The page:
Raising Chicken and Eggs For Your Family

Every year we raise a years supply of meat chickens to feed our family of 6. These meat chickens are grown in our backyard. You can do this too! You can stop buying chicken from the supermarket, and provide your family with some great quality chicken for your table. If you are going to raise a year’s worth of chicken, you need to, Decide what kind of chickens you will raise. Get the Equipment and Setup for your Chickens. Decide if you will butcher them yourself, or if you want to have a butcher do the work for you.

In this video, we discuss raising enough chickens to provide a family of 4-6 enough chicken for the entire year. We talk about Cornish cross (Cornish x) chickens, red rangers, rainbow Rangers, and dual purpose birds. We also discuss using moveable poultry netting, chicken tractors, and feeders and waterers. Finally, we talk about butchering your chickens.

The next video Becky shows you everything so you’ll know how to raise chickens for eggs. She starts by talking about how important it is to remove all stress from your chickens. Then she tells you what she feeds her chickens so they lay eggs all year long. Finally Becky shows you the nesting boxes and talks about her chicken coop designs.

Tips to make a coop. It should have a prime spot beneath an old shade tree. In summer, the leafy canopy helps keep the flock cool, and in winter, sunlight streams through the bare branches, offering warmth

Egg production tapers off when hens don’t catch enough rays, which explains why many flocks stop producing completely in winter. A little mood lighting inside their coop, however, can help compensate for the shorter days. Just be sure to select bulbs that cast a warm glow

Chickens will get sick if the air inside their coop doesn’t circulate. The screened-in gap between the walls and slanted roof of a coop lets hot air escape without causing a draft in the sleeping quarters below.

No coop is complete without nesting boxes and roosting perches. Inside the coop, I use sturdy wicker baskets padded with straw serve as cozy places for hens to lay their eggs, with a wood closet rod acts as a perch for sleeping.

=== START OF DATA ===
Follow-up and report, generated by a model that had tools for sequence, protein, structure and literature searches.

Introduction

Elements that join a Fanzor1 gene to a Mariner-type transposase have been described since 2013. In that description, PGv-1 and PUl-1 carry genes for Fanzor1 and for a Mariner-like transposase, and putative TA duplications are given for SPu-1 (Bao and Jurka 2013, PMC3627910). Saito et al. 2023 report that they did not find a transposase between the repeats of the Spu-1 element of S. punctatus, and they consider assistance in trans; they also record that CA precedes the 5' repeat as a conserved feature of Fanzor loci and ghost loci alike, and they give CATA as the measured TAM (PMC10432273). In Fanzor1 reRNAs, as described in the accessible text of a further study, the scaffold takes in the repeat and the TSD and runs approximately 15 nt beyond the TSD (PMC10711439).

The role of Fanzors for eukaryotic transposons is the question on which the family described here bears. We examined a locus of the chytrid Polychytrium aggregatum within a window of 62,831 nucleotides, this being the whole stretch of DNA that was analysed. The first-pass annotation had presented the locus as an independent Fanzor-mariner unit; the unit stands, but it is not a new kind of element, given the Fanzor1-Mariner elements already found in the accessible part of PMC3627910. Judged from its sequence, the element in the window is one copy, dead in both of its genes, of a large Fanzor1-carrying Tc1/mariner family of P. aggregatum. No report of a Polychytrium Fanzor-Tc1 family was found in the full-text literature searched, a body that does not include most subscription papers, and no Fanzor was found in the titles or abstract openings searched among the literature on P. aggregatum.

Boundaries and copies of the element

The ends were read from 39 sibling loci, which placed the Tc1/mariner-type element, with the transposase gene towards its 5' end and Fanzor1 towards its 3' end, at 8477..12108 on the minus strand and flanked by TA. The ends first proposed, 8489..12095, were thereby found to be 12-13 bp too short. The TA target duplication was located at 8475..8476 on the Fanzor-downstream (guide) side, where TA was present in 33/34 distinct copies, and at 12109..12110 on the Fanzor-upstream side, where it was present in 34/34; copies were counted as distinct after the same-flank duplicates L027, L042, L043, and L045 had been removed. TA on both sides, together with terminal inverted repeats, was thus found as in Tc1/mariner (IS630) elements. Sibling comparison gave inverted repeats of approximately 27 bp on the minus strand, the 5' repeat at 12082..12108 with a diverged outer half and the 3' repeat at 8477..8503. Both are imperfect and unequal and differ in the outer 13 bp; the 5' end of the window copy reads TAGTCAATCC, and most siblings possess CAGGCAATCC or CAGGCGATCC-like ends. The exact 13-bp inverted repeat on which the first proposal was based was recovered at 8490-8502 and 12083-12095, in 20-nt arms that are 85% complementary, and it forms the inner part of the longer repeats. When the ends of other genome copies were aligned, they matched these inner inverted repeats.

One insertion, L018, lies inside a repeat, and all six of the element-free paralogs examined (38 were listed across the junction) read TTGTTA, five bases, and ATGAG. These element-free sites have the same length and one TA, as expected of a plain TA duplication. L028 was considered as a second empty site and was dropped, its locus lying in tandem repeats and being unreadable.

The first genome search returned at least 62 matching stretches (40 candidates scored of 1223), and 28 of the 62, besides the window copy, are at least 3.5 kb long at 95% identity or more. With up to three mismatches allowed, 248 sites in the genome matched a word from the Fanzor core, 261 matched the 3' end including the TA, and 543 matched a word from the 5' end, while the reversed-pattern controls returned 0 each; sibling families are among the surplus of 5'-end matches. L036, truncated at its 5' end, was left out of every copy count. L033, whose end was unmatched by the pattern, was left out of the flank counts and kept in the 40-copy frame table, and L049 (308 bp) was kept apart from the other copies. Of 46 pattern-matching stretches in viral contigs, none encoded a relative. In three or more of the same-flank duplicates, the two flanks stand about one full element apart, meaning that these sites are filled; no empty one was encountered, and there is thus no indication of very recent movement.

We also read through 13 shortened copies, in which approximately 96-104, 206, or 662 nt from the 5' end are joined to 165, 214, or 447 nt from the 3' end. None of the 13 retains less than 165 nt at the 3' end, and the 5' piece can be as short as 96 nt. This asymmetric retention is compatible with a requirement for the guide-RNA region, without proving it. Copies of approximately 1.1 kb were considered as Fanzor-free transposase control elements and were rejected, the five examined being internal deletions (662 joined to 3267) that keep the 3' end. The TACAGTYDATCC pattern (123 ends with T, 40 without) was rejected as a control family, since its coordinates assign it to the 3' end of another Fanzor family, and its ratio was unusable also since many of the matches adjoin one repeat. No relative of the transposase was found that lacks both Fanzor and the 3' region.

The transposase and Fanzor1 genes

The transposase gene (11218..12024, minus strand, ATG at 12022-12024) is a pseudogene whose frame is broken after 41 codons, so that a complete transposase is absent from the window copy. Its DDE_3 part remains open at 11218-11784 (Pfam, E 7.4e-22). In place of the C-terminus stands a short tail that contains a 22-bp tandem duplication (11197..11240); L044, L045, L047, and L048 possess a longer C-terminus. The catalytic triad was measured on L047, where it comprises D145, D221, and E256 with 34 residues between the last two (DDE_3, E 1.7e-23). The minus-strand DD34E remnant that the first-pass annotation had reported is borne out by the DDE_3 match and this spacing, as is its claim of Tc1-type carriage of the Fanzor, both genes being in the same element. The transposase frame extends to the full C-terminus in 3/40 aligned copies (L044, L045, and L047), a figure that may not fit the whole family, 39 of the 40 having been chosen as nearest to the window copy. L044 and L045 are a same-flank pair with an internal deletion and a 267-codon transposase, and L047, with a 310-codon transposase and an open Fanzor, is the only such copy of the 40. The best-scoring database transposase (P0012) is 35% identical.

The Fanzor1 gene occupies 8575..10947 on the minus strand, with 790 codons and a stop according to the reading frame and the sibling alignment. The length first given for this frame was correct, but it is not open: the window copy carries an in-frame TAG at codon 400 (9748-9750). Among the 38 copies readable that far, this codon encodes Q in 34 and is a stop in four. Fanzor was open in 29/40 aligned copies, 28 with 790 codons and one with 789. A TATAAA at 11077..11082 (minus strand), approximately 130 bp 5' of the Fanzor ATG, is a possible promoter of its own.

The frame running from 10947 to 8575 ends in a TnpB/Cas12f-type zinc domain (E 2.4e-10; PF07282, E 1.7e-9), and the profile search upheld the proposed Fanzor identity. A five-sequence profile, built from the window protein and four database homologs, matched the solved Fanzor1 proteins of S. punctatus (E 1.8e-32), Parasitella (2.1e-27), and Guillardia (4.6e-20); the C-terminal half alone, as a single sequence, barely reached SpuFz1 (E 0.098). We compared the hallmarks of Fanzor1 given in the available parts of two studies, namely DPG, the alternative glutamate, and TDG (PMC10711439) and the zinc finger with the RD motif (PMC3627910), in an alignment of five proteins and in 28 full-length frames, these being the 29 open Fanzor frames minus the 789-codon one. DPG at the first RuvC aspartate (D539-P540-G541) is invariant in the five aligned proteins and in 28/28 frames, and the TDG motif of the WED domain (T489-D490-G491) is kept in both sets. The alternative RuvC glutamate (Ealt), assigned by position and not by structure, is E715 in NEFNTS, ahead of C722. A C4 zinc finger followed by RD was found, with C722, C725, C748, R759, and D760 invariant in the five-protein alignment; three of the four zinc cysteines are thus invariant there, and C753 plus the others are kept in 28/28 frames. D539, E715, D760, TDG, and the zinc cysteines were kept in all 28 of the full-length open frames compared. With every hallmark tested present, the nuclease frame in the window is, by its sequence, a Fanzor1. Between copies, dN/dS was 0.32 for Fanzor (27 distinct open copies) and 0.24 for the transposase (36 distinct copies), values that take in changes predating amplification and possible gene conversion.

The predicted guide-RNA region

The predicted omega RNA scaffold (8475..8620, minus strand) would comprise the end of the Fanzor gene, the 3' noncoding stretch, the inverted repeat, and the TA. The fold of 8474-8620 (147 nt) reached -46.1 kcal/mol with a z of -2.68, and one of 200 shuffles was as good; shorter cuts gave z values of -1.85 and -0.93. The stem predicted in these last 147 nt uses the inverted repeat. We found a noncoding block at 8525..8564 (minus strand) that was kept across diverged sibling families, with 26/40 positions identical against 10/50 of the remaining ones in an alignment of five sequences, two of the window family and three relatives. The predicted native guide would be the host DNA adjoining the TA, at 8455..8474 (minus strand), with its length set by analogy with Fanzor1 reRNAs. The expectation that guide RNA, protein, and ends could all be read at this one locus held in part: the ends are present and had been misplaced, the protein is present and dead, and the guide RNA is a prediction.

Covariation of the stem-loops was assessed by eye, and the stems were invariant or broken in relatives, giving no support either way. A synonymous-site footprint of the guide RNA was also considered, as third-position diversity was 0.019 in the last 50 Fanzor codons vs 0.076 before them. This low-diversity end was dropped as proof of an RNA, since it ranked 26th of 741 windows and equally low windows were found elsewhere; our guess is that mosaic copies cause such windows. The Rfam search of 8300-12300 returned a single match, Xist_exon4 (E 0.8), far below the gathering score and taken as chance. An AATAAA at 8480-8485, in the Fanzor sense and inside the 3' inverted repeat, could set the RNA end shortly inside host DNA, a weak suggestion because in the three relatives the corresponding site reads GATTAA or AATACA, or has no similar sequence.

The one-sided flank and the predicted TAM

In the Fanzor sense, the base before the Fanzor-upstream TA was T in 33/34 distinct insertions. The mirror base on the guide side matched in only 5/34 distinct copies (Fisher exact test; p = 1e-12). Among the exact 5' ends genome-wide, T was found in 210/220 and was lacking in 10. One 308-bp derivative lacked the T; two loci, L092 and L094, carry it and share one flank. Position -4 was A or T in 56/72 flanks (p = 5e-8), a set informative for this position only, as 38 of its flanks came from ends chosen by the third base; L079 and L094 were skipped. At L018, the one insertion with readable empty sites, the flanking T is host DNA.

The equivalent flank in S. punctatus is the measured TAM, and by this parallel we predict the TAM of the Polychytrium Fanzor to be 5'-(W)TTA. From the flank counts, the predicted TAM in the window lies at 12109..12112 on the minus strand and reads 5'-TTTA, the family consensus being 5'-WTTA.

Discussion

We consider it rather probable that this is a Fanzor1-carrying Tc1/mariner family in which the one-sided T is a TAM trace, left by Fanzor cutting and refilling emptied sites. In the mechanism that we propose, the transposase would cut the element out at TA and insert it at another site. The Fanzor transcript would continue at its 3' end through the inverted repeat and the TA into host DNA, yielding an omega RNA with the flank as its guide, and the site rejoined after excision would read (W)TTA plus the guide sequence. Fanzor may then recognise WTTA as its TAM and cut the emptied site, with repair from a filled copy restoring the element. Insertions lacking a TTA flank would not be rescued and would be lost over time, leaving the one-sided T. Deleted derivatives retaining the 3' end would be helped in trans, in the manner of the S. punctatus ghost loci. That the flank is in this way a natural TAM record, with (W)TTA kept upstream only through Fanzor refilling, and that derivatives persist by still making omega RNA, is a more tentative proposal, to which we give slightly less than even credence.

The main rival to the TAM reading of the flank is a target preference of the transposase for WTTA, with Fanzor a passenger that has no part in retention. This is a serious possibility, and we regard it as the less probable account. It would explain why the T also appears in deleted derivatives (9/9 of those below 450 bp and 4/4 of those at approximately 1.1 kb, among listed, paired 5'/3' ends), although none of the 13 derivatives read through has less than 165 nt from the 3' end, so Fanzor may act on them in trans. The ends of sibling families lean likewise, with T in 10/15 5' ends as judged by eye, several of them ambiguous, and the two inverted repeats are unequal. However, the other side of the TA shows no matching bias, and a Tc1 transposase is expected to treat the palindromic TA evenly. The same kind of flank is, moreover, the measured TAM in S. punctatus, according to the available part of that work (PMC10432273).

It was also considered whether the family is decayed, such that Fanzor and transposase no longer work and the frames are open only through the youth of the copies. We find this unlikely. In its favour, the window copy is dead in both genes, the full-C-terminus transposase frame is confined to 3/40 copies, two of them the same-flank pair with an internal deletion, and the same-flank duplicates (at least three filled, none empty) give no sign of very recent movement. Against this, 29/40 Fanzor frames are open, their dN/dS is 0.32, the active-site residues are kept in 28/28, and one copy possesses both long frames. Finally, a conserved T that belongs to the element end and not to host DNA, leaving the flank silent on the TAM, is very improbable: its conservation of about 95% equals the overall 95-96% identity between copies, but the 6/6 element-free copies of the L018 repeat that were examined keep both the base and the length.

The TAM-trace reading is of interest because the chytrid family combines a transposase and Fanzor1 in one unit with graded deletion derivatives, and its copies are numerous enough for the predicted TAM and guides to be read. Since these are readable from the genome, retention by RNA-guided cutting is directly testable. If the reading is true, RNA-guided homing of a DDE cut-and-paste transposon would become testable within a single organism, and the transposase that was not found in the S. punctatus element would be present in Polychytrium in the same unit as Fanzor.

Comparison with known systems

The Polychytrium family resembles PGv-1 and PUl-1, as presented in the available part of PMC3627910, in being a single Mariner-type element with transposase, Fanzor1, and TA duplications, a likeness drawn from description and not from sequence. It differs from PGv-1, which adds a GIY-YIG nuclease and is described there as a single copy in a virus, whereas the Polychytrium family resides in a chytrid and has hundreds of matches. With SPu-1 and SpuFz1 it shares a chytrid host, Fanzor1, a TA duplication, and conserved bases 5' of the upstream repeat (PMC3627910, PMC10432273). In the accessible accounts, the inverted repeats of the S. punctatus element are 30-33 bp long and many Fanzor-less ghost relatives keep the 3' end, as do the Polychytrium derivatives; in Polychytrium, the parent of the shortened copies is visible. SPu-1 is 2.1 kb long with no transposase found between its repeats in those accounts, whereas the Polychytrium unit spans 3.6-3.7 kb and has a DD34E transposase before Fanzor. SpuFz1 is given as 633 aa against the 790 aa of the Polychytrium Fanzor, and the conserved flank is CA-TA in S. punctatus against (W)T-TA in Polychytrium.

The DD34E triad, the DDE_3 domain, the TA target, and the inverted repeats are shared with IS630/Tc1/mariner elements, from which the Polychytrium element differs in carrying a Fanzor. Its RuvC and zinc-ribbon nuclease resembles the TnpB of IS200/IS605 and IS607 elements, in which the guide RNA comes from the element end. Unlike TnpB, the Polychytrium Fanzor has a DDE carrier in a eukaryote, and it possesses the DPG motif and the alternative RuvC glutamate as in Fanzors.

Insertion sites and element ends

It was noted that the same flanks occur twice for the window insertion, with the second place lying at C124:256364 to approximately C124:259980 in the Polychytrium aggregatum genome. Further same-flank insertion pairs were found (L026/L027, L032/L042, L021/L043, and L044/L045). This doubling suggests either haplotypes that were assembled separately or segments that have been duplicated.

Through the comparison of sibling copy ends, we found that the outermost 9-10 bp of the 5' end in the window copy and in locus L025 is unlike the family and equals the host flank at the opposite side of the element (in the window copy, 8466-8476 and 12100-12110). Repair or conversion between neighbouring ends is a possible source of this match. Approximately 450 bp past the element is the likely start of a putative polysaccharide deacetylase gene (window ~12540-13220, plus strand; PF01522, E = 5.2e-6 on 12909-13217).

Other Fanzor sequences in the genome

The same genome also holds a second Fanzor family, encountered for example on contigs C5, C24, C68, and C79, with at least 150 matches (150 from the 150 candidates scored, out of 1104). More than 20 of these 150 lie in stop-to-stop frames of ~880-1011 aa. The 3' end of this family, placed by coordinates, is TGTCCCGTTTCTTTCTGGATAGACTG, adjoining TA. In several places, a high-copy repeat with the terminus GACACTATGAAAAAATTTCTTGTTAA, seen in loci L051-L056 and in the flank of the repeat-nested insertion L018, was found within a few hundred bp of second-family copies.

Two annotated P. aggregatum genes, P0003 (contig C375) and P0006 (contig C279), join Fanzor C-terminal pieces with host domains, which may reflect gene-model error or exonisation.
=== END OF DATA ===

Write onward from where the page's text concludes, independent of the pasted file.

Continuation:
Nest boxes aren’t essential for hens to lay eggs, they can (and do) lay where they feel secure.

The nesting box is essential for you, the flock keeper, unless you enjoy searching the yard, outbuildings and under every bush or overhang for eggs!

A standard nest box for regular chickens such as Leghorns, Sussex, Plymouth Rocks and hybrid layers needs to be a 12 inch cube; 12 inches tall, wide and deep. This will fit the average hen quite nicely.

Larger birds such as Jersey Giants will need 12 inches deep, 14 inches wide and 12 inches tall. Bantam henscan get away with a slightly smaller box of 10 inches deep, 12 inches wide and 10 inches high.

These measurements make the box snug and there are reasons for that. If the hens have too much room they tend to kick out the bedding material. It also discourages hens from bunking up together to lay eggs.

There are lots of different nesting materials you can use. Below we are going to run through the most popular materials used.

  • Pine shavings: easy to find, most farm stores sell them in convenient bales.
  • Straw: another favorite of chicken keepers. You can usually buy these from your local farmer or farm store.
  • Pine needles: free for the taking if you have a local source! The softer pine needles are the best.
  • Sawdust: can be obtained for free or very cheaply from a sawmill or perhaps a neighbor.
  • Leaves: raking and gathering all the fallen leaves in the autumn will not only give your ladies free bedding, but give you a workout too.
  • Nesting pads: can be bought from most hatcheries and online sources. They are washable and inexpensive.

Any and all of these can be used for nesting materials, either separately or together. When supplies are good I will fill a couple of boxes with pine needles, a couple with leaves and a couple with straw.

As always – they will all want the same box!

To encourage the hens to relax while laying and also to deter pests, add some fresh herbs to the boxes. Lavender aids relaxation while lemon balm gives a fresh lemony smell and deters pests too.

Detailed Plans A Nesting Box

DIY

Automatic Chicken Feeder (easiest way to feed your chickens with a 5 gallon Bucket)

Materials List:

1~ Three Inch PVC 90 Degree Elbow.

2~ 5~gallon bucket with lid

2~ 3/16 aluminum rivets that are for 1/8” long material

1~ A few feet of shipping tape or duct tape or masking tape

Detailed Feeder Plans

HOW TO BUTCHER & PROCESS A CHICKEN (the right way)

Note This Video Shows The Whole Process and May Not Be Good for young kids.

This video is about How to Butcher a Chicken (the right way). There are a few things you need to know so you can speed up the process and avoid contaminating your meat!

Bookmark the permalink.

Comments are closed.